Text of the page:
Phytoremediation of hydrocarbon-contaminated soil using native plants
Peer Reviewed StatusNon-Peer Reviewed
MetadataShow full item record
Phytoremediation of hydrocarbon-contaminated soil involves plants and their associated microorganisms. However, few cold-tolerant plants have been identified for reclamation in the native grasslands and woodlands of Canada. We assessed 35 native grasses, legumes and forbs, and seven exotic grasses and legumes for their ability to germinate and survive in crude oil contaminated soil. Based on germination, survival, growth rate, and above and below ground biomass five native (Artemisia frigida, Bromus ciliatus, Glycyrrhiza lepidota, Potentilla pensylvanica, and Psoralea esculenta) and three exotic (Medicago sativa, Melilotus officinalis and Trifolium repens) plants exhibited phytoremediation potential. The ability of these species to degrade specific hydrocarbons and mixtures of hydrocarbons is currently being assessed.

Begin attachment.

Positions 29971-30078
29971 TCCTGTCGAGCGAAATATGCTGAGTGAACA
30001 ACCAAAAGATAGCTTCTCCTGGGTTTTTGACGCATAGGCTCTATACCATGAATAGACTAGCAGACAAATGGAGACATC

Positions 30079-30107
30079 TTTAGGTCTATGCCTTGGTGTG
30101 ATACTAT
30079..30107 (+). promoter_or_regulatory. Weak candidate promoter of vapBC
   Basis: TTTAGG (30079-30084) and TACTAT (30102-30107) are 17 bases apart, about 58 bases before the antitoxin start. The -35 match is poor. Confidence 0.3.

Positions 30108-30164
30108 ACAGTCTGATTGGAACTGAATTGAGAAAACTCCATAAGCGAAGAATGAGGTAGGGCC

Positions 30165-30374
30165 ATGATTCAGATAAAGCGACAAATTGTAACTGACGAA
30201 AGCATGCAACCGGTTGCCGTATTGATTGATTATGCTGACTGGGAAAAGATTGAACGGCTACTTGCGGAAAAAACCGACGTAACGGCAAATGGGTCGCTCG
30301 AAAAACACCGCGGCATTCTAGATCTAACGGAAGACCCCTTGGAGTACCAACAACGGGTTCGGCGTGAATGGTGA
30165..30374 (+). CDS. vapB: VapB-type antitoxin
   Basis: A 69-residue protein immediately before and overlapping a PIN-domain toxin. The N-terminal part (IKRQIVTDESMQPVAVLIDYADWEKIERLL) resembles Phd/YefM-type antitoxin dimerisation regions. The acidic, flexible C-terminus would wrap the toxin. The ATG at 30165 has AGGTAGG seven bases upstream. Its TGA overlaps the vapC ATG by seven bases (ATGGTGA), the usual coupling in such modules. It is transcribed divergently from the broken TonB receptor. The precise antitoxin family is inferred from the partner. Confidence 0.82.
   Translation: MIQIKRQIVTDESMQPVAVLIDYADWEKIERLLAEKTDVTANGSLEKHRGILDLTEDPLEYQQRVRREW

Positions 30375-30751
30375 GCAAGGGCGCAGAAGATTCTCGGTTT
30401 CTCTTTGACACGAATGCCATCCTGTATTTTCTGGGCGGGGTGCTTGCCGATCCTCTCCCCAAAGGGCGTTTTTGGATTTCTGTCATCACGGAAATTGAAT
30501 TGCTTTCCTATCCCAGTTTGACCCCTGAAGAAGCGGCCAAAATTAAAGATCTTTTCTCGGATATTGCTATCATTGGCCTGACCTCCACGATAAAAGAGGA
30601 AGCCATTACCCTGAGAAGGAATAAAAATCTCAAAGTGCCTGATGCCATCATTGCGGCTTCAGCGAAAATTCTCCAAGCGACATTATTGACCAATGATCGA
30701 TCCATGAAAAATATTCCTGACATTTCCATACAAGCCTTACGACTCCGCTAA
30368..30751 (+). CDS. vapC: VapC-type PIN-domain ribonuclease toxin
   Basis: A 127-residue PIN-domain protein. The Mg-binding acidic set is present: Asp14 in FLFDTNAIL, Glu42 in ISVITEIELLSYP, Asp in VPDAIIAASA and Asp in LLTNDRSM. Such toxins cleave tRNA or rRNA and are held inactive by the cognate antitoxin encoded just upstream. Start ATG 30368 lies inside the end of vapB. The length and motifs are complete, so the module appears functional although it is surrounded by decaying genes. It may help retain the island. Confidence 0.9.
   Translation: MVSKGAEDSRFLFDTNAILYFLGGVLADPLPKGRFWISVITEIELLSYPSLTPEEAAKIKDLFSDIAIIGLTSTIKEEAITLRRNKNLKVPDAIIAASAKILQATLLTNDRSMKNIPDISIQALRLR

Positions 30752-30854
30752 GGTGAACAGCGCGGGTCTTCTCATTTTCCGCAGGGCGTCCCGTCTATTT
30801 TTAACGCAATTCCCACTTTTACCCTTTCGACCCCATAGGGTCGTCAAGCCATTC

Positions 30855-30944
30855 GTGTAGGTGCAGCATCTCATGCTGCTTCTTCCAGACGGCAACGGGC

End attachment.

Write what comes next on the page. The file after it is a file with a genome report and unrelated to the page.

Part OfSoils and Crops Workshop
The following license files are associated with this item: